* “HSDD is defined as an absence of sexual fantasies and desire for sexual activity that does not have an obvious cause, such as depression or libido-suppressing drugs, and that causes distress to the sufferer.” (Washington Post)

midlife boulevard, columnist, midlife women, middle-age, midlife crisis

Walker Thornton

We are delighted to have Walker Thornton as our Women’s Sexual Health columnist. After working for over 10 years in the field of sexual violence against women, Walker is now enjoying a new career as a freelance writer, public speaker, and sex educator with an emphasis on midlife women. Her blog, <a>WalkerThornton.com </a> was ranked #5 by Kinkly.com in their top 100 Sex Blogging Superheroes of 2014. You can connect with her on <a>Facebook </a> and <a href="http://twitter.com/WalkerThornton">Twitter</a> For questions about sexual health, write her at [email protected]

Walker Thornton

Monday 11th of August 2014

Liz, I'll have to go read your thoughts on the drug. Love that you used the word multifaceted, so true.

Liz Scherer

Monday 11th of August 2014

Your post echoes the themes I've explored with regard to fibanserin on Flashfree. Sexual desire is so complex and to assign a pharmaceutical to do a multifaceted job is ridiculous. Thanks for sharing this; its critically important.

Carol Cassara

Monday 11th of August 2014

i'm sure there are cases where a pill is called for but in my opinion, a great sex partner who is on your wave length is better and safer than any pill. It is amazing and beautiful and fireworks inducing, regardless of state of life. I figured that out when I was single--libido depends on your partner. We are a society of shortcuts--and having a pill for everything is one of them. I just don't think it's good to put all this crap in our bodies unless we absolutely have to. It is absolutely true that we don't all have the right partner for this or the partner may not be into what flips our switch and some of us are unwilling to do anything to change that --and the partner may be true and loving in so many other ways. Not everyone gets a one-stop-shop . In that case I am a huge believer in DIY. So, those are my thoughts, Walker, thanks for sharing yours!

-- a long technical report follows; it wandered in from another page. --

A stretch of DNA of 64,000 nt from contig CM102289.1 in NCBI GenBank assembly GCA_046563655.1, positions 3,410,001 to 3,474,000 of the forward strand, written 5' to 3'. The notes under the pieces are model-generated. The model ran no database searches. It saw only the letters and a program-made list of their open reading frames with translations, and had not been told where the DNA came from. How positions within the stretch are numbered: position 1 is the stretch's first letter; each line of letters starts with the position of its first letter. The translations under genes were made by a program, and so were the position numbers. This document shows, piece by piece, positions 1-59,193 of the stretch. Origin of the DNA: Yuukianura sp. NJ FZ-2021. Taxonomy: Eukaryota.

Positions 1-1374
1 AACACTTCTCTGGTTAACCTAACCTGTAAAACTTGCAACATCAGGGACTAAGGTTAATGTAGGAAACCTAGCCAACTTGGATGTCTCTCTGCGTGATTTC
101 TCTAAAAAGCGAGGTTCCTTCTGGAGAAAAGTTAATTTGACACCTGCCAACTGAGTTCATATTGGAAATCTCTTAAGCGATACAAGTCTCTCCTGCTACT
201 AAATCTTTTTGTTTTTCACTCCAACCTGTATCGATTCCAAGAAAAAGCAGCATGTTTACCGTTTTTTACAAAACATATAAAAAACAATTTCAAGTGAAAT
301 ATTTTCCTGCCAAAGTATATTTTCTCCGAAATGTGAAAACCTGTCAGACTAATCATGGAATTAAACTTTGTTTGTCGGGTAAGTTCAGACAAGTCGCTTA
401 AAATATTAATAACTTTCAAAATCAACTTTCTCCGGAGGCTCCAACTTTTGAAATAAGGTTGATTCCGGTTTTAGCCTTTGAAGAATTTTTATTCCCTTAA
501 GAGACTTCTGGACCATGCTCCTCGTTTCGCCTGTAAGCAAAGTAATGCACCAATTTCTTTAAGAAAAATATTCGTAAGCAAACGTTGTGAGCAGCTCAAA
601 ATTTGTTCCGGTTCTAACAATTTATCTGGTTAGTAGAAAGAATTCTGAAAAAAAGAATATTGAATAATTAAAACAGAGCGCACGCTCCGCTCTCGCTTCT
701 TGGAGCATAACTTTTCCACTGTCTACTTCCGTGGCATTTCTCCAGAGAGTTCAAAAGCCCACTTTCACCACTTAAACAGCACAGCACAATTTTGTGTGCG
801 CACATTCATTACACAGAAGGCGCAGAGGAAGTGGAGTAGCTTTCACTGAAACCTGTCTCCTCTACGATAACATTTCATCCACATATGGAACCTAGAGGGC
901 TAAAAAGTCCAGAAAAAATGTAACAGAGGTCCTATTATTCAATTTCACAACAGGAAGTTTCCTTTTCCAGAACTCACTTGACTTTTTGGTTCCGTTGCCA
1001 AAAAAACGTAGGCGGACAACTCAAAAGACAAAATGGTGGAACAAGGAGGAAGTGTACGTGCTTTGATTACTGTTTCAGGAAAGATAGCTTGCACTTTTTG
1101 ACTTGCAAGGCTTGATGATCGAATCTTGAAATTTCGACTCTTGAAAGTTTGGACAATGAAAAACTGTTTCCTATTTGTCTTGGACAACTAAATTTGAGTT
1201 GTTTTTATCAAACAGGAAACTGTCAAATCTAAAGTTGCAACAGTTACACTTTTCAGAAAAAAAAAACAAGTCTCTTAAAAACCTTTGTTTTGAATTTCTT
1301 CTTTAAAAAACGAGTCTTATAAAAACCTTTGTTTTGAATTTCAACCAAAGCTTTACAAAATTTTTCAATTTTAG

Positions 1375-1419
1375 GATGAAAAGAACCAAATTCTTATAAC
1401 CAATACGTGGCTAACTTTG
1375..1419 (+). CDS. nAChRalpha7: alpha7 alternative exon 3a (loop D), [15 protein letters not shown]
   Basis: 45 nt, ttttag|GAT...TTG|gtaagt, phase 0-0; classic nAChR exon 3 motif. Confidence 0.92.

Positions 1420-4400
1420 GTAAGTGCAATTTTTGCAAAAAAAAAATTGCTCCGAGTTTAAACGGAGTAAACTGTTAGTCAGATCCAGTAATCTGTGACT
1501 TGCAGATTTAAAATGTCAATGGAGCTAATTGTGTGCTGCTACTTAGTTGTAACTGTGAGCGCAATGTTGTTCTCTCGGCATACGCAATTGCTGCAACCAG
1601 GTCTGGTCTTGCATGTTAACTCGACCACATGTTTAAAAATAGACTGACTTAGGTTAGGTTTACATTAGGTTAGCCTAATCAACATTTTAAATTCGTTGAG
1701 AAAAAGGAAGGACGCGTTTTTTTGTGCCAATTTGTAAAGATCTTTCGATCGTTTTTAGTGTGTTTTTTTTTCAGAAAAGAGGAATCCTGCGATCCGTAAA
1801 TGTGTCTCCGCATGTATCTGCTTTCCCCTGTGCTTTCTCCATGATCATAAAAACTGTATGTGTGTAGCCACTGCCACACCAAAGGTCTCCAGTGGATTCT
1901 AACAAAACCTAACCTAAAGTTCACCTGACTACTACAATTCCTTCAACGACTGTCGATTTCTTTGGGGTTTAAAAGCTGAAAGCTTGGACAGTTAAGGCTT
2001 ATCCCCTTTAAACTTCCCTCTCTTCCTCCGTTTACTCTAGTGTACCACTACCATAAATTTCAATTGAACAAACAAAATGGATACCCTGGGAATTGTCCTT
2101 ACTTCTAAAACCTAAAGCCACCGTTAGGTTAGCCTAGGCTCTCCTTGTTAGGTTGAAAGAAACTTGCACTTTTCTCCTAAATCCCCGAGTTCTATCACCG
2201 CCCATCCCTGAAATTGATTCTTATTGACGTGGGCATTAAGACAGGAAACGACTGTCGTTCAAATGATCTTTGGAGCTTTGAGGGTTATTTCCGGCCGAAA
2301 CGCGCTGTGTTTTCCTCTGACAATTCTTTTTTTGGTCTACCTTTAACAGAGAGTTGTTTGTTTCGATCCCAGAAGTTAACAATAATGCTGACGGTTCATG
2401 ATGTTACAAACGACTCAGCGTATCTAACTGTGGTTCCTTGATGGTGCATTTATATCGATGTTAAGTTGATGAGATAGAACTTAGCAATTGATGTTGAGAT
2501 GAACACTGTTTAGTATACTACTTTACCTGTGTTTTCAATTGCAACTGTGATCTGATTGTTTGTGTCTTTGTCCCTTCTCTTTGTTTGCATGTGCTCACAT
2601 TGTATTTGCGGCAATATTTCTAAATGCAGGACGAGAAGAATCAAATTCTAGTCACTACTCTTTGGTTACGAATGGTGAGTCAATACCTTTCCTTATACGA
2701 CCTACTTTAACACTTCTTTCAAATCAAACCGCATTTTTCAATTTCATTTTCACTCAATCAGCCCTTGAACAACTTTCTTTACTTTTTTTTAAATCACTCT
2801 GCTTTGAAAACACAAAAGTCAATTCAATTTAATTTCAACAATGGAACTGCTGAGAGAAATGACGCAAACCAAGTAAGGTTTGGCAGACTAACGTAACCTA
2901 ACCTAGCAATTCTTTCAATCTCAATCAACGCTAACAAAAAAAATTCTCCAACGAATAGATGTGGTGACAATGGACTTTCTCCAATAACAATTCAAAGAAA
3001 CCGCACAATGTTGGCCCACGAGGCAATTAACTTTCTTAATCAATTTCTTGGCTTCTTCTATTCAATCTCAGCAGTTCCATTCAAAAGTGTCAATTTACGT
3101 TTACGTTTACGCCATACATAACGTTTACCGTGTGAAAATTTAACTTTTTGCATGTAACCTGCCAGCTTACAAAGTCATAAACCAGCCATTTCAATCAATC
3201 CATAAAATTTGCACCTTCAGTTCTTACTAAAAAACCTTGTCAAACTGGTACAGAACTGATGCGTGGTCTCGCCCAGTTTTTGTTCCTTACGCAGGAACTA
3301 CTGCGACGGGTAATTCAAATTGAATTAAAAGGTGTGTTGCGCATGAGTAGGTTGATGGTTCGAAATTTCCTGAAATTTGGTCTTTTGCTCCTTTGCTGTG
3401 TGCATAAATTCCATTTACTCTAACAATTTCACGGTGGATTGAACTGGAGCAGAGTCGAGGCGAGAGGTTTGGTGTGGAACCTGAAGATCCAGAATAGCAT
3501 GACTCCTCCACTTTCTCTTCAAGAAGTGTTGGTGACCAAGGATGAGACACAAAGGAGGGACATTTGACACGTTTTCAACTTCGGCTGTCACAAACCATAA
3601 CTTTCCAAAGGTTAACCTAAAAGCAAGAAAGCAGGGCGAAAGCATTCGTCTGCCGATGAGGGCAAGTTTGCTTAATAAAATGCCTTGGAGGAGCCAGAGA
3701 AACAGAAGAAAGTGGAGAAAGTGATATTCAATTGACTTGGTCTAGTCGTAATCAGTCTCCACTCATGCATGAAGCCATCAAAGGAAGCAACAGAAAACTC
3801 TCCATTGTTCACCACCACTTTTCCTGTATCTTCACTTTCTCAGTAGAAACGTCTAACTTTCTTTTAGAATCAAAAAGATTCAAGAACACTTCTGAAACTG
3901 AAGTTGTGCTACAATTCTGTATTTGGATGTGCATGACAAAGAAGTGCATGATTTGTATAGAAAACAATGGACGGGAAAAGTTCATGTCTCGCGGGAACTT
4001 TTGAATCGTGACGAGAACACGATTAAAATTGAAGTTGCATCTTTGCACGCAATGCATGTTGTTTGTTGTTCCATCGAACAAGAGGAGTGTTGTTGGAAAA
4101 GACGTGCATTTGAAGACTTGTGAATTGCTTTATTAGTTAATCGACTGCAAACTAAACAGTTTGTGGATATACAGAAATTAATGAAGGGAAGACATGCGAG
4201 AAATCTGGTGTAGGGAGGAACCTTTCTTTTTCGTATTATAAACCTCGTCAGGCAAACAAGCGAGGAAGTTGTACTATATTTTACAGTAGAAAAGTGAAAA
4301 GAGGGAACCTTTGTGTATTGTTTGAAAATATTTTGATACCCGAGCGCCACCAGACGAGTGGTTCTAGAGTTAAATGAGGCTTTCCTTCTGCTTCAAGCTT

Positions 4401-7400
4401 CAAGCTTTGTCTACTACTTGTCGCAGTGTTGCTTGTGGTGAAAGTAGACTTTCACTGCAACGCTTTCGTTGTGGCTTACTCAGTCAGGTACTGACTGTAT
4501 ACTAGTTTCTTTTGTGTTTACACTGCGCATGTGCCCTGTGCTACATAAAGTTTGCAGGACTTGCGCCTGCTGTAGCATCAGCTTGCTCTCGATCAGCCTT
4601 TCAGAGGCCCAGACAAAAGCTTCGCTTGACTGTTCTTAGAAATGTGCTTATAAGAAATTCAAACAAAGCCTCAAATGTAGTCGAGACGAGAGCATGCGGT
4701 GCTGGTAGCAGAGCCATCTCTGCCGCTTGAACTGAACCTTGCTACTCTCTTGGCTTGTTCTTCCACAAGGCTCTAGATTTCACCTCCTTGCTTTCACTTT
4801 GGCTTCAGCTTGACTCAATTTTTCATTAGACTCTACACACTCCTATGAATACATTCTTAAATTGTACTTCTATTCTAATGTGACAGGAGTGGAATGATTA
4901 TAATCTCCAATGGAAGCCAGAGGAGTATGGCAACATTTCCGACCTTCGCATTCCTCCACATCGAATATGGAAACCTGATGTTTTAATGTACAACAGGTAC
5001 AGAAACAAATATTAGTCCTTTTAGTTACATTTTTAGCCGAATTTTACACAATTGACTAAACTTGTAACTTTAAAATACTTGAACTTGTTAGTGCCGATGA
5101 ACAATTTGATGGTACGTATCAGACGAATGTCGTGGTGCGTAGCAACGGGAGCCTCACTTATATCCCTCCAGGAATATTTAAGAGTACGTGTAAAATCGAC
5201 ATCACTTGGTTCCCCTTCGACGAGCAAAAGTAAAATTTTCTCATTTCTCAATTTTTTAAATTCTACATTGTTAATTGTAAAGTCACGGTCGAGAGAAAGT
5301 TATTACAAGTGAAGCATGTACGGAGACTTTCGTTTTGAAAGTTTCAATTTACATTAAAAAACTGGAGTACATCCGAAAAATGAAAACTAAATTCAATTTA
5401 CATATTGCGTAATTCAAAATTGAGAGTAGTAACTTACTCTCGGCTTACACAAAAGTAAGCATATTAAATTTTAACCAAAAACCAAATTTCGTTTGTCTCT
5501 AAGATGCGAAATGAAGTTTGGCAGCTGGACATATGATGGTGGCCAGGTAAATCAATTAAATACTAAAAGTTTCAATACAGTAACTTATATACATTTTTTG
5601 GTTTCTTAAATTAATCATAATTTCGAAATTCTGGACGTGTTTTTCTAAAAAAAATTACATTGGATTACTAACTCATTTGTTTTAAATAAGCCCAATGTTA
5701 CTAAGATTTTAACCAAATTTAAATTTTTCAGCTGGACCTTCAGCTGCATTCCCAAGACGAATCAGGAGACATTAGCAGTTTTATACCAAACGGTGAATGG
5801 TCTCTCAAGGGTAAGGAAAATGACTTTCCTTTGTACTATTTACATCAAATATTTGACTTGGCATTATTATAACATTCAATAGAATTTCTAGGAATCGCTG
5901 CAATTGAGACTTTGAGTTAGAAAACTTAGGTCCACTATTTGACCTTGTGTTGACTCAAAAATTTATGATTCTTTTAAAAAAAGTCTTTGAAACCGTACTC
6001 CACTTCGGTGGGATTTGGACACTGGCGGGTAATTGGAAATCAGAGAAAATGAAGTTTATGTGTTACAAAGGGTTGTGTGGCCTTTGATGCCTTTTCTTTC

Walker Thornton

Monday 11th of August 2014

Carol, I do agree that libido can be framed by one's relationship and partner- but we need to come to the bed/situation/relationship already engaged and ready for pleasure. If we don't own and nurture our own sexual desire no partner, however skilled, can be expected to turn us on! Always happy to hear your thoughts, thank you.

Nancy

Monday 11th of August 2014

Walker - I really liked your post. Lots of good & helpful info. Always learn something!

Nancy

Walker Thornton

Monday 11th of August 2014

Nancy, Thank you so much. I try to offer info that will be relevant for midlife needs!